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Happy ending for mother dog and pups rescued from Sinton, Texas

Peewee's Pet Adoption World & Sanctuary, Inc. Mother and pups saved from Sinton, Texas Animal Control.
Peewee's Pet Adoption World & Sanctuary, Inc. Mother and pups saved from Sinton, Texas Animal Control.
Peewee's Pet Adoption World & Sanctuary, Inc.

A happy ending for a mother dog and her pups who were photographed soaking wet and shivering cold in the Sinton, Texas animal control.

Mother and pups saved by: Peewee's Pet Adoption World & Sanctuary, Inc.
Peewee's Pet Adoption World & Sanctuary, Inc.

Last week outrage over this drenched dog family on a Facebook post attracted thousands of social media users. Sinton's Director of Public Works, Hilario Chavez, says, the dog's owner, who surrendered the mother and her pups to the shelter, is responsible for the situation. "When he dropped them off, he was bringing them into the kennel and wanted a minute with them, he took the hose and sprayed them down," Chavez said.

After a bit of coaxing, Chavez gave the mother and pups a bit more time before putting them to sleep, so this author reached out to Peewee's Pet Adoption World and Sanctuary in nearby Corpus Christi, Texas. When the head of the shelter, Ernestina Cochran got the request, she didn't hesitate. "I can help with the mother and pups, I'll go get them!" Those words rolled right out of Cochran's mouth.

Peewee's Pet Adoption World and Sanctuary

Though the shelter is named Peewee's it's no peewee sized operation. Cochran takes in roughly 1500 dogs a year and adopts out as many. They're a no kill facility that's filled to the brim, and they're not just limited to dogs. In 2013 they also rescued and adopted out 266 cats, 2 horses, 8 rabbits, 7 guinea pigs, 1 gerbil and 1 bird.

Cochran, who immigrated to the US from Mexico years ago, worked at one time as a nurse and operated small businesses in the area. Then in 1995 at the age of 50, she wanted to help the large numbers of stray, abused, neglected and unwanted dogs in the Corpus Christi area so they opened Peewee's, named after the first dog she ever rescued, a little terrier mix. Cochran says there's a crisis locally with the amount of animals that need homes. "Taking in strays is not the answer, spaying and neutering is. It's an upside down situation. There's strays everywhere. It's a big mess. People say they can't afford fences so they leave their dogs on chains and the local government says it's okay. It's like fighting uphill battle."

Peewee's facility is immense and the organization depends on donations to keep saving lives. Cochran says she would be thrilled to work and network with other rescue groups, including out of state organizations which would be interested in taking some of the dogs she gets in. Most of the pooches are under 25 pounds, but there are also some larger sized dogs. There are transport services which can safely bring dogs to all areas of the country.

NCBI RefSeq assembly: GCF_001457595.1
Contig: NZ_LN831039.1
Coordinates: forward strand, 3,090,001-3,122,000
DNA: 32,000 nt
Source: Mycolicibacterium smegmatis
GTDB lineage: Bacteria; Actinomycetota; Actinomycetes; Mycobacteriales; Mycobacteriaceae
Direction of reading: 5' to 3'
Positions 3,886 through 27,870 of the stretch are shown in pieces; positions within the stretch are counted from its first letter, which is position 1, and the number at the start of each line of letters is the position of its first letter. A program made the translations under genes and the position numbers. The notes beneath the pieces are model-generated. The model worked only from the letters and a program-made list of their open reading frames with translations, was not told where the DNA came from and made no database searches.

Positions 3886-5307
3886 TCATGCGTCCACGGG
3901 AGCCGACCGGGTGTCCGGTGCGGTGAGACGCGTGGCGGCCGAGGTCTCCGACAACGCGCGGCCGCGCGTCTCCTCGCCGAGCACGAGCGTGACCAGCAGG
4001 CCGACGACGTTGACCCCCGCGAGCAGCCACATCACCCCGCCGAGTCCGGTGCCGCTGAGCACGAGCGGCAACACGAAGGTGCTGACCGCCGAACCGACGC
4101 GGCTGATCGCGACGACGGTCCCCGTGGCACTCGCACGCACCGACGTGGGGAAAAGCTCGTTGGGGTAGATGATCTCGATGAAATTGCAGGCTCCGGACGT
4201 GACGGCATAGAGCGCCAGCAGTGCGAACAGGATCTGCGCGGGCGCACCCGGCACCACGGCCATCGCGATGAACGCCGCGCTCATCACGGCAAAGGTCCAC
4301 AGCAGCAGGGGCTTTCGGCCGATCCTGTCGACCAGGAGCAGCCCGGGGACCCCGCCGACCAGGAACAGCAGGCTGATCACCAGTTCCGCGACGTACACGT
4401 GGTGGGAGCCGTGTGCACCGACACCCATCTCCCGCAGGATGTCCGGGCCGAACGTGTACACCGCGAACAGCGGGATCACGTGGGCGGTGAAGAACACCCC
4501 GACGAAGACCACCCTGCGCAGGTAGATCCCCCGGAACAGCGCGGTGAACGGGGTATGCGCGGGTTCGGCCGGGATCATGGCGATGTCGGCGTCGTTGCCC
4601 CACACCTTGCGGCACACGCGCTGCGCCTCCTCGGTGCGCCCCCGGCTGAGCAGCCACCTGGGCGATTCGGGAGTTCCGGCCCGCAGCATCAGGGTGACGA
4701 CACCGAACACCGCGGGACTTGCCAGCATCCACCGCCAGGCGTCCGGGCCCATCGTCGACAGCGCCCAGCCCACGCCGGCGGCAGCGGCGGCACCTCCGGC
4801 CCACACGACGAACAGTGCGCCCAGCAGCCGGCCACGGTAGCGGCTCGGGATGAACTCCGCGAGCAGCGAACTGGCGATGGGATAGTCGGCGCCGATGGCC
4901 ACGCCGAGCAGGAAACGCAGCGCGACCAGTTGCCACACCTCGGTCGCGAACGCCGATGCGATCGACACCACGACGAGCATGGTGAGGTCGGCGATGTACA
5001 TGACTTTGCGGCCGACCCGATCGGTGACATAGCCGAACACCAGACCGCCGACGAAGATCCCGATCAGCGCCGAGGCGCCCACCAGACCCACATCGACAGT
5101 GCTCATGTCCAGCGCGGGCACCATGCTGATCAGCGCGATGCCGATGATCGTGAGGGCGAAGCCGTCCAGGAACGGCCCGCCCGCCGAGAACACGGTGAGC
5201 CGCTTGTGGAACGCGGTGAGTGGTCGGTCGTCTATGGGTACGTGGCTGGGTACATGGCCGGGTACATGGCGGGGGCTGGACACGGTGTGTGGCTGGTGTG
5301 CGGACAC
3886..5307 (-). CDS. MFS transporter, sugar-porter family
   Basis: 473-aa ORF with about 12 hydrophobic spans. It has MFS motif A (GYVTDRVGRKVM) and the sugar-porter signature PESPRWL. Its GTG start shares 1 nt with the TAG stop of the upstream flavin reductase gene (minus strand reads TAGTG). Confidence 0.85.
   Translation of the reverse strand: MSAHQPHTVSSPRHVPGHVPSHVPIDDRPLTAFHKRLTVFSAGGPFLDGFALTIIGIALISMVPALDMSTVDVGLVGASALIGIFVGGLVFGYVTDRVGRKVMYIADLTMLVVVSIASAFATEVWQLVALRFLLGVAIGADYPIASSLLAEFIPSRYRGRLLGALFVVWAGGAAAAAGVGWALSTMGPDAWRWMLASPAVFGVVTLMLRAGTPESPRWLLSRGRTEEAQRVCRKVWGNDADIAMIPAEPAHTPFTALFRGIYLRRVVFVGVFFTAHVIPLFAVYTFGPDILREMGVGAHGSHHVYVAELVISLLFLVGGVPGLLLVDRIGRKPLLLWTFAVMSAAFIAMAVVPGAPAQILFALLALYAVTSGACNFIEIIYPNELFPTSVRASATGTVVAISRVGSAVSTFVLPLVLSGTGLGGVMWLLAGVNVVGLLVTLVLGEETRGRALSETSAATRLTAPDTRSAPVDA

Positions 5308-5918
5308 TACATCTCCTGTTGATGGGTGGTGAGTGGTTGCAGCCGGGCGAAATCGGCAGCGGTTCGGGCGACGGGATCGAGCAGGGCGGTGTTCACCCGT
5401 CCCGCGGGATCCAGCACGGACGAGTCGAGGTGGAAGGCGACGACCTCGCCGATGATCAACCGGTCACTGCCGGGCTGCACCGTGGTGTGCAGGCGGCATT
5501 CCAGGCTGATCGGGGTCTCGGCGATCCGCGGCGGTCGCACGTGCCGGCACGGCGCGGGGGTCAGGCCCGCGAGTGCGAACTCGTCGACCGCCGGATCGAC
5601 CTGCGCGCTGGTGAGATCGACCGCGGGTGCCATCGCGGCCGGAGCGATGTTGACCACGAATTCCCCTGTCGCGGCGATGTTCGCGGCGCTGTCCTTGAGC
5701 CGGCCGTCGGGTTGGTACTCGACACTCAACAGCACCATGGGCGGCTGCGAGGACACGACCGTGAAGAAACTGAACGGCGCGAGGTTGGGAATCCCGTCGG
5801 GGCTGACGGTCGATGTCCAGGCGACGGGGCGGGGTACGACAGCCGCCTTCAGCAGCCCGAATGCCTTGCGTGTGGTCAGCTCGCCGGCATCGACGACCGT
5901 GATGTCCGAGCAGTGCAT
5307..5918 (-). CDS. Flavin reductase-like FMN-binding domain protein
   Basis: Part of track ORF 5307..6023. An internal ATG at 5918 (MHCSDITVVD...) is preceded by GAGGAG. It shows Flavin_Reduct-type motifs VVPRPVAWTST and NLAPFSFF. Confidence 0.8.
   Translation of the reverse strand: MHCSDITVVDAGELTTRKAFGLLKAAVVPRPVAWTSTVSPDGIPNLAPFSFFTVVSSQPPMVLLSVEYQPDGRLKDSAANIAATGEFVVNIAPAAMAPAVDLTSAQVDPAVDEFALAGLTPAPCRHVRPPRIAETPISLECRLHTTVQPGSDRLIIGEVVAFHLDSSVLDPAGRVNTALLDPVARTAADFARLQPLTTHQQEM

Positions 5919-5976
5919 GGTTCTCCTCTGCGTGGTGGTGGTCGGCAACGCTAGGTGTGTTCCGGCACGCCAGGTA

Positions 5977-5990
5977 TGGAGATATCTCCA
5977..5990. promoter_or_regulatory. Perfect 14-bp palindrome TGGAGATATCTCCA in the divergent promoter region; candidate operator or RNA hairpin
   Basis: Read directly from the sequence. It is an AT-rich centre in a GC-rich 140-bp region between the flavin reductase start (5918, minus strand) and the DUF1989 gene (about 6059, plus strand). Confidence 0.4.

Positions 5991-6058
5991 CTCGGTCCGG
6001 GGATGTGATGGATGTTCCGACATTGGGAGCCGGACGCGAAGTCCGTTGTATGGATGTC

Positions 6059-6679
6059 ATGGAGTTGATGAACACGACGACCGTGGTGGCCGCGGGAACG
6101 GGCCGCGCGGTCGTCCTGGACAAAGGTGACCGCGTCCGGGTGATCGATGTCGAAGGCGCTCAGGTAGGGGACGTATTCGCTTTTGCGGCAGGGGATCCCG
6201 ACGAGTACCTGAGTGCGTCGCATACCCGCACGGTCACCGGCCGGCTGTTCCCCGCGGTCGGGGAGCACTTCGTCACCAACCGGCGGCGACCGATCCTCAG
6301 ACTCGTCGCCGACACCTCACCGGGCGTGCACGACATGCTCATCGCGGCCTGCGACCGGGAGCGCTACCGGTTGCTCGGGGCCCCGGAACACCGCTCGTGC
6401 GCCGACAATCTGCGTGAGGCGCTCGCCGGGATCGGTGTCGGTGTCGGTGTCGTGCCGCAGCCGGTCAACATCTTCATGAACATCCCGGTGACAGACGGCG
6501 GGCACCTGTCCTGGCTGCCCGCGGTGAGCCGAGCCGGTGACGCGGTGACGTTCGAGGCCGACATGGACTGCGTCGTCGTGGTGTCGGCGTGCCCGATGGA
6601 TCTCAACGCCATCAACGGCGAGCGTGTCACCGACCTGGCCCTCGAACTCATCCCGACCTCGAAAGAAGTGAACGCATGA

The mother dog and pups from Sinton

The mother dog from Sinton and her pups are all up for adoption, they don't need to go to the same home together, and out of state adopters will be considered. Cochran took this video of the dogs coming in on their transport van, and hopes someone will be attracted to a spark in a pup's eye or a cute face. If you are interested in adopting please contact Peewee's. Here's a slideshow with more pictures of the pups and other animals at Peewee's.

Update July 8, 2014: The mother dog just got adopted but all the pups still need homes.

City of Sinton does not advertise or market dogs in its pound to get new homes; assistance needed

This author also learned that the City of Sinton does not market or advertise dogs that end up in its pound so the animals have a chance to get a new home. That makes it tough for the public or rescue groups to know adoptable pooches are there. There's no public notification system for dogs that get picked up, there's no website mentioning the dogs with pictures and descriptions, nor is there any social media out reach.

Cochran says she is going to make weekly calls to the city to see if there's any smaller sized dogs she can save from the Sinton shelter.

The president of People Assisting Animal Control (PAAC), Cheryl Martinez, saw this author's original article about the Sinton situation and she's also offered to help. PAAC is a nonprofit organization that tries to help network and market dogs in city and town animal control facilities. Dogs would be stuck at a literal dead end without their assistance. Martinez says, "We want to promote animals from municipal shelters. We were able to increase the adoptions from Corpus Animal Control from about 300 a year to over 2,000. We also saw that the pet overpopulation is very overwhelming and for every adoption we were successful in, 10 more animals were coming in the door. So in 30 days we will be opening up our high volume spay/neuter clinic and our low cost wellness clinic. Our goal is to have 10,000 surgeries performed each year to see a decline in the overpopulation."

Sinton's DPW manager tells this author he will welcome the help and assistance but so far nothing has been formalized. If you can help please email this author.

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